NSW Government To Offer $5,000 To Scrap Unsafe Cars

If successful, the NSW Premier will then open the program up to another 1000 drivers.

Crash test

Source: Global NCAP.

To try and reduce the worrying number of young drivers getting killed in car accidents on Australian roads, the New South Wales state government is offering a $5,000 cash incentive to scrap their old, unsafe hand-me-down rust buckets.⁠

This incentive will be trialled in regional areas of NSW later this year, starting off with 50 kids to provide feedback before it’s applied to the rest of the state.⁠

Young drivers who want to get their hands on the dosh need to be under 25 and live in regional NSW. They also need to hold an NSW driver’s license and be the registered owner of a car 16 years or older with a one or two-star used car safety rating.⁠

The NSW Centre for Road Safety has found that 80% of fatal car accidents killing drivers under the age of 20 involved car models that were over a decade old.

Those qualifying for the scheme will get the cash to buy any vehicle that is less than a decade old with a 5-star safety rating. If successful, the NSW Premier will then open the program up to another 1,000 drivers.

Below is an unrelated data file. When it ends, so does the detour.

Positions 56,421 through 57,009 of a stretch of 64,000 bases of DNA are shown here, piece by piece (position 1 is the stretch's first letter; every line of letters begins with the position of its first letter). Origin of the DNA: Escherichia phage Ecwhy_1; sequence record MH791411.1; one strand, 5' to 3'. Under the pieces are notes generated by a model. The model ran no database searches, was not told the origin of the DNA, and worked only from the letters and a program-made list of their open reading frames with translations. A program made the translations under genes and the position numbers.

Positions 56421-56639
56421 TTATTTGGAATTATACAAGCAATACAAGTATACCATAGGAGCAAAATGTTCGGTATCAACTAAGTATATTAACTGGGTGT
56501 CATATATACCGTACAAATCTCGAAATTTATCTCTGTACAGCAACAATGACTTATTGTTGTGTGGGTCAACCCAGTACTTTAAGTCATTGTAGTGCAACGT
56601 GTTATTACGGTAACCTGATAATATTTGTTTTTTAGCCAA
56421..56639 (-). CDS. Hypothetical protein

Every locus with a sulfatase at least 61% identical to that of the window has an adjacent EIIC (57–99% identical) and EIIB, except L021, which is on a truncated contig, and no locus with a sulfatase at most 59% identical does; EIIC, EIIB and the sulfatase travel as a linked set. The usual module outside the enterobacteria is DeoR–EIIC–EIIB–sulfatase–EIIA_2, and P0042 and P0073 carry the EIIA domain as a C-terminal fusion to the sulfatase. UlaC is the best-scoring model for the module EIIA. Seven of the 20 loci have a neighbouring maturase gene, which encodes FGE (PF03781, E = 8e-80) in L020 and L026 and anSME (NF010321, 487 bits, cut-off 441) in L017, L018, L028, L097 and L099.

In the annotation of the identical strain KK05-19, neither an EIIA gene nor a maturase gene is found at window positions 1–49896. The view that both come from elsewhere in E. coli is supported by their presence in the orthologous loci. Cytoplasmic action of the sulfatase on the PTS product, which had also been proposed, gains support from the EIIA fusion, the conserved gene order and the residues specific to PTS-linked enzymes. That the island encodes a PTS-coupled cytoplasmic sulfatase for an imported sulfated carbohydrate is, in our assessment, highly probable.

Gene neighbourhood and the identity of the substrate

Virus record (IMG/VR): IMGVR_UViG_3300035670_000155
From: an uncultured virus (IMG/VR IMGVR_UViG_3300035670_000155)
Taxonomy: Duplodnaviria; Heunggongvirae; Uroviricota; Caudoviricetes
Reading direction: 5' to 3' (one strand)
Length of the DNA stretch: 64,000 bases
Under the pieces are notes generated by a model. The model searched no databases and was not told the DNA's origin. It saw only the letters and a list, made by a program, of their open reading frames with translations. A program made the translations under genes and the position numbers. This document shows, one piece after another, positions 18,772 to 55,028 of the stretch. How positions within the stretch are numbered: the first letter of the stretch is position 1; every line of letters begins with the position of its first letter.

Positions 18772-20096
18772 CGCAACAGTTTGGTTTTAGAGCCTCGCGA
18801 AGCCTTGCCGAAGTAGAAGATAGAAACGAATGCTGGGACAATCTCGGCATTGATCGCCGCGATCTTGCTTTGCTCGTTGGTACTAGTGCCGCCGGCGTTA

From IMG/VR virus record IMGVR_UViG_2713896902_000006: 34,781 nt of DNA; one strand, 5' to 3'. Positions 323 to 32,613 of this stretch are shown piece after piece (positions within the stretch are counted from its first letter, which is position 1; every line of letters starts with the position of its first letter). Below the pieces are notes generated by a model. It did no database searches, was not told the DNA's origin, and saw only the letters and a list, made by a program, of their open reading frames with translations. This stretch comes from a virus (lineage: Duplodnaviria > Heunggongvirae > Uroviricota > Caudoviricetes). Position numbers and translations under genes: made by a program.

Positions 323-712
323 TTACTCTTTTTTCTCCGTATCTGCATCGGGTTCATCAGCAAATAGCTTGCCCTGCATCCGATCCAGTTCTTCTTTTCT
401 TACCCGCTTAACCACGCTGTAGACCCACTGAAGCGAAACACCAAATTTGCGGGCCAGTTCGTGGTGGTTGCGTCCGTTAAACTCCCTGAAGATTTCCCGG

Govt has pledged to review speed limits on high-risk roads for fatal crashes including the Monaro Highway. Image: Keegan Carroll

“We will get old and unsafe cars off our country roads and make it easier for young drivers to get behind the wheel of a safer car,” NSW Premier Dominic Perrottet said.

“Young drivers in regional areas clock up the miles, and this is one way we can lower the risk of country kids being seriously injured or losing their lives in car accidents.”

Dominic Perrottet

This mimics the Unsafe2Safe program already in place in Victoria, where $6.9 million was put into a trial to get younger drivers to trade in their cars for newer models.

Road fatalities actually increased during the pandemic, according to the Australian Automobile Association, due to a decline in seatbelt use and an uptick in high-speed crashes.

The recommendation to take older cars off the road was part of the federal government’s National Road Safety Action Plan released earlier this month, which also pledged to conduct risk assessments and review speed limits on regional and unsealed roads.

If this means fewer Barinas and EG Civics on the road then we’re all for it.⁠